Managing Change in Data Center Cabling and Systems

As the vital central nervous system of business operations, a data center must deliver solid, consistent performance from every system—network cabling, supporting infrastructure, climate control, monitoring and others. Yet at the same time, data centers are subject to frequent change and reconfiguration. As such, these environments must be both solid and dependable, while also being flexible to update or upgrade. This webcast seminar, produced by Cabling Installation & Maintenance, examines technologies and product characteristics that enable data centers to remain both dependable and flexible.

Presentation 1: Making Your Facility Seismic-Ready

A seismic event is one change a data center administrator never wants to have to manage; but for many, the possibility is an everyday reality. Additionally, data centers located outside of geographies typically associated with seismic activity are well-served to keep their equipment seismic-ready. This presentation focuses specifically on equipment cabinets, and how data center administrators can prepare them, to the extent possible, for a seismic event. It discusses cabinets that are built to be seismic-ready, as well as hardware that can be used to enhance existing cabinets’ seismic-preparedness.

Presentation 2: Cabling Performance Options for Multi-Generation Network Speeds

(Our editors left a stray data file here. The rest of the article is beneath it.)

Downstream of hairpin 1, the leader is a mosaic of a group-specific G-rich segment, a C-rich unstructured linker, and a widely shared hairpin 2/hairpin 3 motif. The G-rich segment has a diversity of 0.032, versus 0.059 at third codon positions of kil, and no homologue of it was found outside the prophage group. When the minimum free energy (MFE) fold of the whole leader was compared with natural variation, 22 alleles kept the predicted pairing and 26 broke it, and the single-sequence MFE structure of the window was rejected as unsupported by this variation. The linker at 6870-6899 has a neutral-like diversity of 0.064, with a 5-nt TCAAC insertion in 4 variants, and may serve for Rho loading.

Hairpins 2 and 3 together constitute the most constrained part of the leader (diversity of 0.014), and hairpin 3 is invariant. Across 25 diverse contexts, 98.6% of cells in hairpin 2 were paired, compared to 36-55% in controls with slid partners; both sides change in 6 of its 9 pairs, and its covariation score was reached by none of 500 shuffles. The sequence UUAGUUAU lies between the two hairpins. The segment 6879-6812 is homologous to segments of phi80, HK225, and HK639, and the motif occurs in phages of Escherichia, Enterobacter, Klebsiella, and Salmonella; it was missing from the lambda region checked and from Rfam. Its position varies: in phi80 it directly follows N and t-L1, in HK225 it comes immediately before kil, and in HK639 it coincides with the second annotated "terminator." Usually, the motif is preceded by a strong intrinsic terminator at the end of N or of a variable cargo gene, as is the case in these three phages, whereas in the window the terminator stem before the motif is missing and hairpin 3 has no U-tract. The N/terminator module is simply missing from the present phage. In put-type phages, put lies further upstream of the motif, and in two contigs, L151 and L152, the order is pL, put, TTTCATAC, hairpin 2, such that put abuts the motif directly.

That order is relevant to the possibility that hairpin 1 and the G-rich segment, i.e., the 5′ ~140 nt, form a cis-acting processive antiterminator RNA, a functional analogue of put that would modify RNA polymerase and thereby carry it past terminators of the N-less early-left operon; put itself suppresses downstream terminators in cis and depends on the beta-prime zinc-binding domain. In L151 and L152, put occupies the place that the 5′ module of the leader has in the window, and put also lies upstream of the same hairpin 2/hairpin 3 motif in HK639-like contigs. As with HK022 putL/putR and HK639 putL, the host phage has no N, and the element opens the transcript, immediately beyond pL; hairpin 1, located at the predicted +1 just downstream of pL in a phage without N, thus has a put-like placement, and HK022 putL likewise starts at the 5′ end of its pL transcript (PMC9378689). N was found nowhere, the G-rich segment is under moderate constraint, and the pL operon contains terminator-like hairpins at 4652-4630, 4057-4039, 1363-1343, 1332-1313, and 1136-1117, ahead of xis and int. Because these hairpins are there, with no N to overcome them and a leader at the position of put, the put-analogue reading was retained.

A data center cabling system is intended to support multiple generations of data transmission speeds, making it a more-permanent portion of the infrastructure than the network gear it supports. In order to truly support several generations of networking, the cabling must have sufficient bandwidth and throughput capacity. This presentation explains the capabilities of different optical fibers and fiber-optic cabling systems, and the extent to which these systems can support current and future transmission speeds.

Presentation 3: Design, Build and Test MPO-based Fiber Links for Higher Data Rate Applications

This presentation will cover best practices for building and commissioning high-speed fiber-based links in the data center, highlighting the differences between traditional methods and a new array of connector methods (MPO/MTP). Effective planning and specification (polarity, gender, loss budget, etc.) of parallel optics cabling for complex data center channels, and a detailed examination of polarity and gender issues that arise in link testing, will be discussed.

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